The Full Court’s approach to the scope of Punch’s consent is similar to the way the Courts deal with implied consent in the context of patents.[1] Accordingly, before one even considers whether the consent of the registered owner of the trade mark may be invoked under s 123, it will be necessary for a prospective parallel importer to ascertain the scope of the licence given to the licensee from whom the goods are sourced.

That this is a deliberate choice by the Full Court is reinforced by the Court’s express denial at [51] of any relevance to the interpretation of s 123 by reference to the doctrine of exhaustion. That rejection may be thought somewhat surprising as s 123 was enacted to implement the recommendation of the Working Party to give statutory force to the doctrine of exhaustion:

A majority of the comments received were in favour of the exhaustion of rights doctrine.. Questions were raised as to whether or not the mark was applied with or without the consent of the proprietor and whether the goods were materially different form the local goods. It was considered preferable that argument on these issues take place in the context of statutory recognisiton of the legality of parallel importation.

The Champagne Heidsieck principle

The Full Court also rejected the appellants’ attempted reliance on the so-called Champagne Heidsieck[2] principle. As re-formulated by the High Court in Gallo at [34]:

a trade mark is not infringed by a third party importing, offering for sale and selling, without the owner’s consent, goods to which the registered owner (or its licensee) has affixed the mark….

Gordon J’s reasoning at first instance avoided this principle since the registered owner, Lonsdale Australia, had never consented to anything Punch did or arranged.

Having noted there were difficulties in articulating how the Champagne Heidsieck[2] principle could apply in the context of the Act and particularly s 123, the Full Court at [64] considered that, if s 123 did not save the appellants, there was no other principle that could help them. However, the Full Court went on to reject the argument that:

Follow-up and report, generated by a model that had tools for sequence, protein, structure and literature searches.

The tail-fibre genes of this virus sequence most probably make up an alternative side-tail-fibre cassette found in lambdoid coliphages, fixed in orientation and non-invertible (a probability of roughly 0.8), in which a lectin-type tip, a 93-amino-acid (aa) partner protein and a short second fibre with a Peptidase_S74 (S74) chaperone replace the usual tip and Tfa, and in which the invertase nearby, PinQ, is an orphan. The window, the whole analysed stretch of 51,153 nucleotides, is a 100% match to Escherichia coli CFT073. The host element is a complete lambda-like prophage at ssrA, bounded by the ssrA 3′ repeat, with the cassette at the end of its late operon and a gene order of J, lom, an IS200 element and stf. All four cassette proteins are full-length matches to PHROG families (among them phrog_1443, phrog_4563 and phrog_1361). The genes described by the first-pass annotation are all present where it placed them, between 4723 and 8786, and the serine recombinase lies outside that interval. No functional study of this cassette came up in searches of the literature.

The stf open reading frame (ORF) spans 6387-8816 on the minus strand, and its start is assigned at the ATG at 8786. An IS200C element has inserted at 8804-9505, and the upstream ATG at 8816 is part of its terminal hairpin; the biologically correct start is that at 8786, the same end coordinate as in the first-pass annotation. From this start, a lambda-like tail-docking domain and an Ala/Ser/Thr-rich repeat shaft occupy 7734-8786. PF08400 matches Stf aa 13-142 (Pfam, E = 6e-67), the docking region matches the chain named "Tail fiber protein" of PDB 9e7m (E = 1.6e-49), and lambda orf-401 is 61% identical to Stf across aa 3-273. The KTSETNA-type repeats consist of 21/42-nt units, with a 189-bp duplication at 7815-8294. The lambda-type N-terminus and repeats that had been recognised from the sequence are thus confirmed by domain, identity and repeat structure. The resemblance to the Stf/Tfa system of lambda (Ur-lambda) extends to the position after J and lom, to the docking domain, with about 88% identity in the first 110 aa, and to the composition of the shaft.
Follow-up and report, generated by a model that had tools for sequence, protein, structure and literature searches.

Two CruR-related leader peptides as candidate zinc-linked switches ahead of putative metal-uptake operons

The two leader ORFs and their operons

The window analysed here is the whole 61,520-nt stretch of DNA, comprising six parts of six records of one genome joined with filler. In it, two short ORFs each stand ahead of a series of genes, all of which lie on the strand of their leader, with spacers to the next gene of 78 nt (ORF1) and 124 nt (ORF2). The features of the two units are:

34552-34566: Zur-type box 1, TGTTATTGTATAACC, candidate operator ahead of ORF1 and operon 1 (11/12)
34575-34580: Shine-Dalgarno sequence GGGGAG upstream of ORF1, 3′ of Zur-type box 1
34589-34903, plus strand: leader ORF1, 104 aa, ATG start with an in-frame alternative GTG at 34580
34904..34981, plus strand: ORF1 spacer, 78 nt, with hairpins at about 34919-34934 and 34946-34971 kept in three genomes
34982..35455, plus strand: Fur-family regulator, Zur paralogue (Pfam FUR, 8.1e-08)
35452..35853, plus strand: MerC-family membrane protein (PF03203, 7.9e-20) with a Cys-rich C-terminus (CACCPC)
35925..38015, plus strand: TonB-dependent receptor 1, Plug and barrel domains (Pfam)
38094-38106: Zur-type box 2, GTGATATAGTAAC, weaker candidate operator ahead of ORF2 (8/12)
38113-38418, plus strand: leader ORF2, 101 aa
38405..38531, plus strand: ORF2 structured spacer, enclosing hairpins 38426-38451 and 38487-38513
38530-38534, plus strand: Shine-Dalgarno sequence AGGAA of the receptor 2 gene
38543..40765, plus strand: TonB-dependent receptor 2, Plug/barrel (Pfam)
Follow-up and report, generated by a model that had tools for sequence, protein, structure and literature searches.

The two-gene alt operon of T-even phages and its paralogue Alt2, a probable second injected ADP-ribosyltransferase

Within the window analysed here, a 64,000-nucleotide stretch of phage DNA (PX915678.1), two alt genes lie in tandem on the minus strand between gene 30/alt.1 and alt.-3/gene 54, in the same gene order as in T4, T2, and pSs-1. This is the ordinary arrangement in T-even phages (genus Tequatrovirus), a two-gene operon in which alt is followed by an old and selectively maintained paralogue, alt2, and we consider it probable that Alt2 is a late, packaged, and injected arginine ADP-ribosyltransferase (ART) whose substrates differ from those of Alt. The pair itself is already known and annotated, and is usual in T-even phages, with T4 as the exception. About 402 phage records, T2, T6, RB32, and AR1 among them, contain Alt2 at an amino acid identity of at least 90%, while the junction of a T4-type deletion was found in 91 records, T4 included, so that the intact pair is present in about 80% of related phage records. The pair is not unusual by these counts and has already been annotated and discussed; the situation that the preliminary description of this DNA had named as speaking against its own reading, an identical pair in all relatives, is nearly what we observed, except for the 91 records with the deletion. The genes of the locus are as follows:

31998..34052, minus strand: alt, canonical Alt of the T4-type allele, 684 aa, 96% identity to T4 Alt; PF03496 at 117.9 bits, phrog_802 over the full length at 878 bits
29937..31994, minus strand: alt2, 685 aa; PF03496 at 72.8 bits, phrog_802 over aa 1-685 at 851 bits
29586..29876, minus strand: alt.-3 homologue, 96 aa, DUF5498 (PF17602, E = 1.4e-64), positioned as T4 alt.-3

the importation and sale of goods marked with the consent of the owner of the trade mark or its licensee does not involve a use of the trade mark by the importer or seller.

The Full Court rejected this argument at [65]:

If this argument were correct, an importer would not infringe the trade mark merely by acts of importation and sale even if the mark had been applied to the goods without the consent of the owner of the trade mark. This Court has previously expressed the view that “…absent s 123 the mere sale by an importer of goods already marked would be an infringing use of the mark by the importer”: See E & J Gallo Winery v Lion Nathan Australia Pty Ltd (2009) 175 FCR 386 at [58]; quoted in Paul’s Retail Pty Ltd v Sporte Leisure Pty Ltd (2012) 202 FCR 286 at [66]; see also Transport Tyre Sales at [94].[3]

Although the Full Court appears to treat this part of the appellants’ argument separately to the Champagne Heidsieck[2] principle, it is with respect difficult to see any difference between the two arguments.

It could be argued that the situation addressed by the Champagne Heidsieck principle is very different to that where the goods imported are not genuine. As the Full Court noted at [66], however, support for the view taken by, now, 3 Full Courts can be found in the observation of Aickin J in Pioneer,  which itself seems difficult to reconcile with s 7(3).

It therefore appears clear, failing intervention by the High Court, that the Champagne Heidsieck[2] principle is no longer applicable in Australian law.

One consequence of this appears to be that a provision intended to entrench the rights of parallel importers may well have made it much more difficult to engage in parallel importing.

More importantly, the Champagne Heidsieck[2] principle can be seen as an emanation of what US trade mark lawyers call “nominative use” or “nominative fair use”: one did not use a trade mark as a trade mark by using it to identify the goods or services marked with the trade mark by the trade mark owner. So, for example, under the old Act the Full Court held it was not use the trade mark ROLLING STONES as a trade mark to sell bootleg recordings of the Rolling Stones performing by reference to the name ROLLING STONES. Does the enactment of s 123 mean that principle is no longer applicable?

Paul’s Retail Pty Ltd v Lonsdale Australia Limited [2012] FCAFC 130

  1. Société Anonyme des Manujactures de Glaces v. Tilghman’s Patent Sand Blast Company (1883) 25 Ch. D 1 (CA).  ?
  2. Champagne Heidsieck et Cie Monopole Societe Anonyme v Buxton [1930] 1 Ch 330.  ?
  3. In Gallo, the High Court had refrained at [53] from expressing a view about the correctness of this view.  ?